Musing 14 – My Response to Jessewave’s & Mantastic Fiction’s Posts – The Oversaturation of M/M Fiction

I came upon this article when Erates shared it on Friend Feed.  It caught my interest so I decided to have a look.  The original post was on Jessewave’s site on 9/25/11.
The question Jessewave originally asked was Are Some M/M Readers Reaching A Saturation Point.  I thought to comment on her site but I decided this would probably take a lot of thought and much more space.  How I love my blog. 
When I first saw the post I have to admit I was kind of pissed.  If there is one thing I can’t stand is being lumped in with a certain group when it comes to my writing.  The post seemed to say that most of us authors of M/M erotic fiction  just didn’t care and were churning out badly written, badly edited books without thought to our readership.  Boring, uninspired and sameness was one of the words used by her and apparently a plethora of other reviewers.
Then I thought, let me calm down and looked at this with a clear, objective opinion.
But first, I will say, I do care.
As a reader, I love M/M books and have enjoyed many of them I’ve read.  Look here on my blog for some of my favorites.  The only reason why I haven’t been reading any lately is because I’ve been working on my own WIP’s.  Did I mention, I love to write M/M as well?  I haven’t been into the whole erotic fiction and certainly not the M/M genre for very long, maybe four years tops if that.  I’m still enjoying it immensely.
And although I can in no way speak for them, I think perhaps the gay community appreciates the fact that now they have another form of entertainment tailored for them.
But back to the post.  The comments were many and varied.  I did see a couple from authors.  Again I will admit I didn’t go through all of them, so I may be wrong.  Please feel free to correct me.  It was mostly those stating their opinion of agreeing or disagreeing.  Then again maybe other authors that saw it, decided to keep their own counsel.  Normally, I would do that myself.  I know we authors aren’t supposed to comment on such things but, I don’t know, this time, I felt I needed to voice an opinion of my own.  Hope I don’t get into too much trouble.
My reasons are varied.  First off, and I am going to be totally blunt here, have either authors of the posts read any of my works?  And no this is not shameless self-promotion on my part and I’m certainly NOT saying mine are better than anyone else’s.  I am asking because if you are making such a broad generalization then I hope you’ve at least read something of mine.  I’m sure this will apply to my fellow authors as well.  I’d appreciate it anyway.
Second, I’m uncertain what authors are being read here and what publishers they’re going with.  Are the posters reading the same people over and over or are they looking for the hidden gems (as someone in the comments mentioned) from authors who are not on the Top 10 or Best Seller Lists?  Just because we aren’t in that position, doesn’t mean what we write is poor.  I can’t speak for other authors but I’ve gotten my share of rejections, no responses and “what, are you kidding me?” e-mails.  And when I do finally get that wonderful acceptance, the publishers I’ve dealt with put me through the equivalent of basic training (and yes, I was in the military so I know how that is) when it comes to editing.  And yes, I think this is a good thing because it tells me they care about my work as much as I do and are not going to let it out into the world until we both think it is perfect.  I sure as hell do not want people to see typos, bad sentence structure and wording, flat characters and an overall uninteresting plot.  It drives me insane when I do see people mention typos and the like.  It means I haven’t done my job.  My name is on this work.  It is a reflection of me.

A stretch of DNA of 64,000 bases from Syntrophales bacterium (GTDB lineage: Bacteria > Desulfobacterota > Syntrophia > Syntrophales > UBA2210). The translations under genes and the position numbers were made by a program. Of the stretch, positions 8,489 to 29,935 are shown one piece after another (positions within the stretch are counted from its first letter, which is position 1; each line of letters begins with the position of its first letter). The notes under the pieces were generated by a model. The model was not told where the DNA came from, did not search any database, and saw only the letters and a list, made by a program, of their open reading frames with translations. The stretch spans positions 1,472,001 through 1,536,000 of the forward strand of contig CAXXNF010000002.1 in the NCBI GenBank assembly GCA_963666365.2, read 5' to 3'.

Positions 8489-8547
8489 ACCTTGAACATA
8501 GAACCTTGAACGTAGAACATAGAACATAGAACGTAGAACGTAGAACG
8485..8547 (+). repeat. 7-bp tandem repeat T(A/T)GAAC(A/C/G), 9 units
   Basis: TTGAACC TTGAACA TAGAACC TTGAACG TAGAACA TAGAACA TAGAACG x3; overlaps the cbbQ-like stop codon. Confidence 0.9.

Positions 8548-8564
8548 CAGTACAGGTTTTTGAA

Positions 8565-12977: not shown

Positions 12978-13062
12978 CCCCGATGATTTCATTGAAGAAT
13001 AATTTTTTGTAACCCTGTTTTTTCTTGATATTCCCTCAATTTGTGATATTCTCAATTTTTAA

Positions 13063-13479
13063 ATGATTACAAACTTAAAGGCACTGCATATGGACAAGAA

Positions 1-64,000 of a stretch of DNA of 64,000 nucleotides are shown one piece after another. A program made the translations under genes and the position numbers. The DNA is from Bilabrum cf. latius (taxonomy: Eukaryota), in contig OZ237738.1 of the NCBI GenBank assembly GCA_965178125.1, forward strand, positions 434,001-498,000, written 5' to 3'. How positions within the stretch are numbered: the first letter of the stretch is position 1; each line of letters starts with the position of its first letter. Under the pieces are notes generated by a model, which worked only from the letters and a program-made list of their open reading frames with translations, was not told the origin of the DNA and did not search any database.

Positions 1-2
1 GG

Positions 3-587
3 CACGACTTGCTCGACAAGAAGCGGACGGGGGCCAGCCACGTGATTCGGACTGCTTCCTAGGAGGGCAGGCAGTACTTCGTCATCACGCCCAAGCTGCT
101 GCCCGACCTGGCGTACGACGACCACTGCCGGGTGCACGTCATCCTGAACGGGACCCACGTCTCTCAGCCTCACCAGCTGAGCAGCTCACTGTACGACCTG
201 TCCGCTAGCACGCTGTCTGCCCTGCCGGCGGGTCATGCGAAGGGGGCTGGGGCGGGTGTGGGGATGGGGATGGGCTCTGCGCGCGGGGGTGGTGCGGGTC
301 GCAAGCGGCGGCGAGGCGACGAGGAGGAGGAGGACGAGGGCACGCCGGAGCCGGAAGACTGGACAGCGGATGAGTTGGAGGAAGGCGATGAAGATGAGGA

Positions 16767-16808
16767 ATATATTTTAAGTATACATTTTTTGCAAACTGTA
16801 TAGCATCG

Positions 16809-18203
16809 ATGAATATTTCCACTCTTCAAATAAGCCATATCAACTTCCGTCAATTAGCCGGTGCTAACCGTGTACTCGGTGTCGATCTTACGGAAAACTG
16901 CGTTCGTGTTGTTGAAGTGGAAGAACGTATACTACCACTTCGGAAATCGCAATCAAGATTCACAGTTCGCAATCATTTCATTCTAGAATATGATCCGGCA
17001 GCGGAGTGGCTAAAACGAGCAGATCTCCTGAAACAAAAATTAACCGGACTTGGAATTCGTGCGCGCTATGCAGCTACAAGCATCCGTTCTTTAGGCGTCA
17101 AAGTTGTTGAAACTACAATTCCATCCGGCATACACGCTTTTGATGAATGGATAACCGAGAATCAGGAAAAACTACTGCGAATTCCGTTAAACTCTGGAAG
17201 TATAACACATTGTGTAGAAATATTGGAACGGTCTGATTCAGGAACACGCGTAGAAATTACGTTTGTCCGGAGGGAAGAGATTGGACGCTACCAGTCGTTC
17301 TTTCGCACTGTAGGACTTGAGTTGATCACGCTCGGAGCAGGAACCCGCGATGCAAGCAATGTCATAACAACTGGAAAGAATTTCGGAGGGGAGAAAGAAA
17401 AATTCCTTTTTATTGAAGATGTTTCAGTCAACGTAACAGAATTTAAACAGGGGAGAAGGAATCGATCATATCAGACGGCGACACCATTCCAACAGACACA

Are readers too critical was asked?  They should be but for the right reasons.  I’ve gotten low reviews because a book is too short or too long, which has nothing to do with the plot, characters or the overall work itself.
I have always invited readers and now I will include reviewers to drop me a line about my works.  I want to know what you like or what you don’t like.  I will try my best to be as accommodating as possible.  That doesn’t mean that I won’t write what I want first, and yes,  I do write from my heart or gut or whatever as another commenter said.  However, I also use my intelligence in the form of the research and plotting I do. But you CAN’T write fiction without some heart. 
What exactly are the reviewers looking for?  We have no idea unless you tell us.  At least that’s how I feel.  It’s easy to complain how books are “boring”, “uninspired” or “the same”, but it does no good without going in the opposite direction, giving us your opinion about what you’d like to see. 
If you are in fact burned out by a genre, perhaps take a longer sabbatical away from it.  Quite frankly, I believe if you’re so burned out that you’re thinking, “I can’t look at another piece of erotic fiction without screaming.”  Then it seems to me that you were never really into the genre in the first place and should change completely. 
I’ll use myself as an example. When I first started considering a serious writing career at the tender age of fourteen, I wondered what I should write. I was raised by my grandparents and one of the things my grandmother and I did together was watching the old NBC Mystery Movies, some of you may recall like Columbo.  So when I asked her what to write, she said, “You like mysteries do that.”